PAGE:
Weekly Prayer Guide

There are as many ways to pray as there are people in the world – if not more! This is not a list of the “right” ways to pray. This is a “jumping off point” for your own exploration.

(Click here for a printable copy of this guide, with all of the linked resources below)


In worship on July 8 the sermon focused on the Lord’s Prayer as one way to pray. Keep it simple today: say the Lord’s Prayer. Try saying it two or three times, focusing on different words or phrases each time. One of the times, consider saying different words than what you’re used to. This New Zealand translation is a good option:

Eternal Spirit,
Earth-maker, Pain-bearer, Life-giver,
Source of all that is and that shall be,
Father and Mother of us all,
Loving God, in whom is heaven:

The hallowing of your name echo through the universe!
The way of your justice be followed by the peoples of the world!
Your heavenly will be done by all created beings!
Your commonwealth of peace and freedom
sustain our hope and come on earth.

With the bread we need for today, feed us.
In the hurts we absorb from one another, forgive us.
In times of temptation and testing, strengthen us.
From trials too great to endure, spare us.
From the grip of all that is evil, free us.

For you reign in the glory of the power that is love,
now and for ever. Amen.


Take out a blank piece of paper and write down some of the things happening this week. What are you excited about? What are you anxious about? Look at the list and think about what you need from God for the week to go well. Write those things down. Then say a simple prayer asking God for those things.


Do you have a favorite poem? Read it to yourself, or with somebody else. You can also try this poem from Mary Oliver, called “Thirst”:


It doesn’t have to be
the blue iris, it could be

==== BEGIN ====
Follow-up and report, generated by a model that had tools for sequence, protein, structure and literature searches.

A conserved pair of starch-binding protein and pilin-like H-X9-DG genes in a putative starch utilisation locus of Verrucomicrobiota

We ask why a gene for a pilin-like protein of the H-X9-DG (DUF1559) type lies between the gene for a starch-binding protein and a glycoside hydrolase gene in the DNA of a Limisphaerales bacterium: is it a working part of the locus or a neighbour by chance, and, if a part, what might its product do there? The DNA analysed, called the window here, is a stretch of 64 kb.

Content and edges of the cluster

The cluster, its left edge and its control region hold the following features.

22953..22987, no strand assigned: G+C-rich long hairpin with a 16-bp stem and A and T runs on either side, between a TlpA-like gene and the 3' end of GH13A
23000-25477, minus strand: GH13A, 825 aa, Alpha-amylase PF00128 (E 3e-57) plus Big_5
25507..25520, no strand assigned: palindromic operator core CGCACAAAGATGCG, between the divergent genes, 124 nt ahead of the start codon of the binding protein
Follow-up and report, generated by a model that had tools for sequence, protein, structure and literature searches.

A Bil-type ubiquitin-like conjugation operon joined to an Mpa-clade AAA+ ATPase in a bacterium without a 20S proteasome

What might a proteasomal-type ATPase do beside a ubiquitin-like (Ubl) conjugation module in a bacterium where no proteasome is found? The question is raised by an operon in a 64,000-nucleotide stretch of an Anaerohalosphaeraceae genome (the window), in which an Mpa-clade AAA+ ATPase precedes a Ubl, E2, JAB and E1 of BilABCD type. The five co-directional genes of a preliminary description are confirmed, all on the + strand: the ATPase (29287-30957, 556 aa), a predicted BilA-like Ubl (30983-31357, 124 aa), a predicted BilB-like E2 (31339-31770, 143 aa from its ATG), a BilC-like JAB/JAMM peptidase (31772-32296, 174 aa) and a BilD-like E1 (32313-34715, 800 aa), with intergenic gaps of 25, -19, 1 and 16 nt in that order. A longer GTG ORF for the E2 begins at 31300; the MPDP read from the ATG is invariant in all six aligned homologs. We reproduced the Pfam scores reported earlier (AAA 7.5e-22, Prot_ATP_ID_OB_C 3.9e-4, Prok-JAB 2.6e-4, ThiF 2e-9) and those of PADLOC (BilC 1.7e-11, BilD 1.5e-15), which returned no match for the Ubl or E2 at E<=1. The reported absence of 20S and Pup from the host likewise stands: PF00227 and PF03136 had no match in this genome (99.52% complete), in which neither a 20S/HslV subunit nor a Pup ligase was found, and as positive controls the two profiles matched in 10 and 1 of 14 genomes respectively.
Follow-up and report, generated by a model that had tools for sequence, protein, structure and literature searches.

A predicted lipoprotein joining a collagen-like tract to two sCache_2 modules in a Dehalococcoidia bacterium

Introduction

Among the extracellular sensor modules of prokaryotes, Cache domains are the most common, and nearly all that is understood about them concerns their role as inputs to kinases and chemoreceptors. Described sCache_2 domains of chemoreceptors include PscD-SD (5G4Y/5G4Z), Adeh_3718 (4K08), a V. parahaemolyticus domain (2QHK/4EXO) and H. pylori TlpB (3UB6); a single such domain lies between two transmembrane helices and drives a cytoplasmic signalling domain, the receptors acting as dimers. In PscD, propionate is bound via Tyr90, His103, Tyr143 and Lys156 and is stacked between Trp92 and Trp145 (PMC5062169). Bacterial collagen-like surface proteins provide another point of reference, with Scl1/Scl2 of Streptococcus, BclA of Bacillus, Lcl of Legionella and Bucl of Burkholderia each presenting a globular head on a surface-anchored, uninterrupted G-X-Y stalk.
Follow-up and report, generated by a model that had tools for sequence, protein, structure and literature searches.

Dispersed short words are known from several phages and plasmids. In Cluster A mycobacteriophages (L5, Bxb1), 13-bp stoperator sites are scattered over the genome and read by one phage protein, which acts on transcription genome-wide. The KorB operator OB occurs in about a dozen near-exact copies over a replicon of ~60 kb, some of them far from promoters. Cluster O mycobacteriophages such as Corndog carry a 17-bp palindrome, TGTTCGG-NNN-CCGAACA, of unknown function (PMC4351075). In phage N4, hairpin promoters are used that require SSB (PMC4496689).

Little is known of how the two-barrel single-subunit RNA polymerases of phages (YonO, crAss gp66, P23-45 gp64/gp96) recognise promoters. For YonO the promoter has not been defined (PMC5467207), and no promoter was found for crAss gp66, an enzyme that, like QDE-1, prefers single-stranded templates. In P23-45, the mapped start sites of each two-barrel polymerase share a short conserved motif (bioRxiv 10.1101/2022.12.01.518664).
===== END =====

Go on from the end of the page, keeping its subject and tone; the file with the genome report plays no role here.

weeds in a vacant lot, or a few
small stones; just
pay attention, then patch

a few words together and don’t try
to make them elaborate, this isn’t
a contest but the doorway

into thanks, and a silence in which
another voice may speak.

Allow some moments of silence after reading. Get up and take a walk if you feel like it, or tell someone you love them.


Have you ever tried something called “praying in color”? People of all ages who struggle with other prayer practices have found this concept – developed by Sybil MacBeth – to help them calm down and connect with God.

Some resources to get started are linked here below. More information and other resources are available at prayingincolor.com.

Praying in Color – Getting Started
Step By Step: Intercessory Prayer
Template: I Am The Vine
Template: Heart


Try “Flash Prayers” today. You can do this anytime you’re aroudn others, but it’s best in more stressful situations – when you’re waiting in traffic, stuck in a crowd, or simply at work. Imagine Jesus blessing each person that you see, offering them blessings and love. Ask God’s loving Spirit to surround each person that you see, one-at-a-time.


Prayer is about our own self and our own needs. But true prayer always opens our hearts to our neighbors and to the whole world. Today, offer prayers for justice and peace. You can offer prayers in our own words, or click here to use some of the prayers in a wonderful collection developed by the United Church of Christ.

As you pray, ask God what other action you are called to take to make the world a more just and peaceful place. If you get a response, take it seriously. If not, that’s fine – the most important thing is to keep asking over time.


Try “lectio divina” today – it means “divine reading.” It is a way of reading the scriptures that puts ourselves in the reading, instead of thinking about it.

If you found praying in color meaningful, there is a version of lectio based on that. Click here for a guide.

If you prefer a different style, this website has instructions for a simple lectio experience. Click here for those instructions.


(Click here for a printable copy of this guide, with all of the linked resources below)